Every programming course starts with a "Hello World" program - that's a program which does no more than print out the words "Hello World" when you run it - truely minimalist. It's not just convention that courses start that way - it's also very sensible as it allows he tutor to teach the delagates how to edit files, and to get from a file of source code to a runnable program. (Diagram, right - click on it for an enlargement)
For our C course yesterday, I called by "hello world" file greeting.c, and edited the source code in with my favourite text editor. You can see the source code [here]
. I then compiled up the code with gcc to make a runnable file ... which I ran:
gcc -o greeting greeting.c
You'll note that there's more to this in C than in languages line Perl ... in C, you need to add a reference to the header file (to prevent warning messages, anyway!), and you need to define the action within a main
function. I have also chosen to "start them young" by commenting my code. Not strictly necessary, but very much needed once your code starts to grow!
Coding is all about efficiency and code re-use these days ... so I went on to demonstrate the calling of a function in C [here]
and the loading of a function from an included (header) file - see original file [here]
and included file [here]
We offer no less than 4 courses that include C ...
to learning to program in C
. For delegates who are new to programming. Covers C and not C++.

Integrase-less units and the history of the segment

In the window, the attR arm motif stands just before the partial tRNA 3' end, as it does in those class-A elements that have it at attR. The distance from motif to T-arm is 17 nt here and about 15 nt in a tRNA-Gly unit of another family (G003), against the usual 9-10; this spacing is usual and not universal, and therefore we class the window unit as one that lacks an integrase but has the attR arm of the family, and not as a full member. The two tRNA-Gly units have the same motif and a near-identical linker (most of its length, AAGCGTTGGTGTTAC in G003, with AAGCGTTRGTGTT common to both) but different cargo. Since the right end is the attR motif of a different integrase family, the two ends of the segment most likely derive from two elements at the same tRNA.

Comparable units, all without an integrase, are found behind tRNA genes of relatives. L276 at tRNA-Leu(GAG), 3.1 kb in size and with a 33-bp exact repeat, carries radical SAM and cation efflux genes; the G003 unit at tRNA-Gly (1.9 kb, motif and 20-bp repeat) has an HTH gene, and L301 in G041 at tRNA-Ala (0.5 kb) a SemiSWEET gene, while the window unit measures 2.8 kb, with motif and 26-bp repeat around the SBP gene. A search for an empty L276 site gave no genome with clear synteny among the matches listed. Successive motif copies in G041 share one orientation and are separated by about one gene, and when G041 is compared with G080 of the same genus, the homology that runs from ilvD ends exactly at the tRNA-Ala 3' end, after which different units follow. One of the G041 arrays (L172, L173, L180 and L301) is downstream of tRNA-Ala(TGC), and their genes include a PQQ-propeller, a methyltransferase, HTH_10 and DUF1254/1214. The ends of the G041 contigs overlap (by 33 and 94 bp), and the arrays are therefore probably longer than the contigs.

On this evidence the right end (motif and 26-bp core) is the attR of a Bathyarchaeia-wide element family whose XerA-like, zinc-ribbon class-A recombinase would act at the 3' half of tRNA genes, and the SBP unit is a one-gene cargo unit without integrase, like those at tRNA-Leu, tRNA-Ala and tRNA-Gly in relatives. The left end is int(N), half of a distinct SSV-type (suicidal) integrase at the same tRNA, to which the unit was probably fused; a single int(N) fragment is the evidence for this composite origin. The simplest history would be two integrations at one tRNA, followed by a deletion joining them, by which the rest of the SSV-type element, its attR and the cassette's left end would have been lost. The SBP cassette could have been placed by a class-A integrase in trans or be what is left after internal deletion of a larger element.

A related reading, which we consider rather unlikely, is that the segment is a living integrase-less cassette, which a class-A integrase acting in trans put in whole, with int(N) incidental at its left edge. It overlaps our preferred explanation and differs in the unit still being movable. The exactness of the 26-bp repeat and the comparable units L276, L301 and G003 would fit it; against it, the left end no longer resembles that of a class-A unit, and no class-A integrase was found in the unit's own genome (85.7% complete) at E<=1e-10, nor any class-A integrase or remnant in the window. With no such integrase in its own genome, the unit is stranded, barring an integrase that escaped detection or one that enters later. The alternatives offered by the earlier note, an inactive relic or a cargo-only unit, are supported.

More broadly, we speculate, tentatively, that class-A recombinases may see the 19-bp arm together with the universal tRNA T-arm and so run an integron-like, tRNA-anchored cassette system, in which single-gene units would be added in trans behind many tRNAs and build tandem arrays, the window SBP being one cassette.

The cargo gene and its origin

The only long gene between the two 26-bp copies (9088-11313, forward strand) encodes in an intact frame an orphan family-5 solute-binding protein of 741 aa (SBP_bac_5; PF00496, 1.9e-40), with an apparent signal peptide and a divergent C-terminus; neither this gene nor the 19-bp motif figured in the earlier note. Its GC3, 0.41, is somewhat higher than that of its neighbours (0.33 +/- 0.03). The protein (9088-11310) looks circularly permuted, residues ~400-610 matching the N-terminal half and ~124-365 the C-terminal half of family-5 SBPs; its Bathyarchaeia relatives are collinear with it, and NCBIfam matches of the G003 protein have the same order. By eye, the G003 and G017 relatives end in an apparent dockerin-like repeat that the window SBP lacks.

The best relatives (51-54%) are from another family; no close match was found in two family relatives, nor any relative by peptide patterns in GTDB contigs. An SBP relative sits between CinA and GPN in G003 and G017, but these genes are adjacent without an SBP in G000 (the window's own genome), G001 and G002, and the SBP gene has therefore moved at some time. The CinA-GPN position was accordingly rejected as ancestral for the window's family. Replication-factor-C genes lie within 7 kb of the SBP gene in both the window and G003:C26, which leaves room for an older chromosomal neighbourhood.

to C Programming
. For delegates with prior programming experience in another language. Covers C and not C++.
to C and C++ Programming
. For delegates with prior programming experience in another language. This course carries on to cover C++ which adds object orientation to C.
to learning to program in C++
. For delegates who are new to programming. This course carries on to cover C++ which adds object orientation to C.
(written 2010-06-30, updated 2010-07-01)
Associated topics are indexed as below, or enter http://melksh.am/nnnn for individual articlesC101 - C and C based languages - Introduction to C 
Learning to Program in C - (2008-12-10) 
Why do we still need C? - (2006-10-03) 
Targetted Advertising - (2005-06-05) 
Choosing a theme - (2005-05-20) 
Programming languages - a comparison - (2005-05-20) 
Training courses in the C language - (2005-05-07)C201 - C and C based languages - C Language Fundamentals 
C - why is slow to write and debug) but fast to run? - (2015-11-01) 
Preprocessor directives in C and C++ - what they mean - (2015-10-27) 
Learning to program - variables and constants - (2014-11-22) 
BODMAS - the order a computer evaluates arithmetic expressions - (2012-11-09) 
Integer types, and integer overflows, in C - (2012-01-25) 
Do I need to initialise variables - programming in C, C++, Perl, PHP, Python, Ruby or Java. - (2011-05-05) 
Your program - you just provide the filling in the sandwich - (2011-04-08) 
Learning to write good programs in C and C++ - separating out repeated code - (2011-01-04) 
What does const mean? C and C++ - (2010-01-15) 
Variables and pointers and references - C and C++ - (2009-01-23) 
Compiling C programs with gcc - an overview - (2008-06-10) 
Turning C from source to a running program - (2006-10-06)
Some other Articles
Catching up with an old friendObjects and Inheritance in C++ - an easy startLearning about Regular Expressions in C through examplesString functions in CStaring a C course with Hello World - why?C Course exercise and sample answer - source in 2 filesJust pass a pointer - do not duplicate the dataSoftware versions used - June 2010Respecting our customers anonimityLorry Parking in Melksham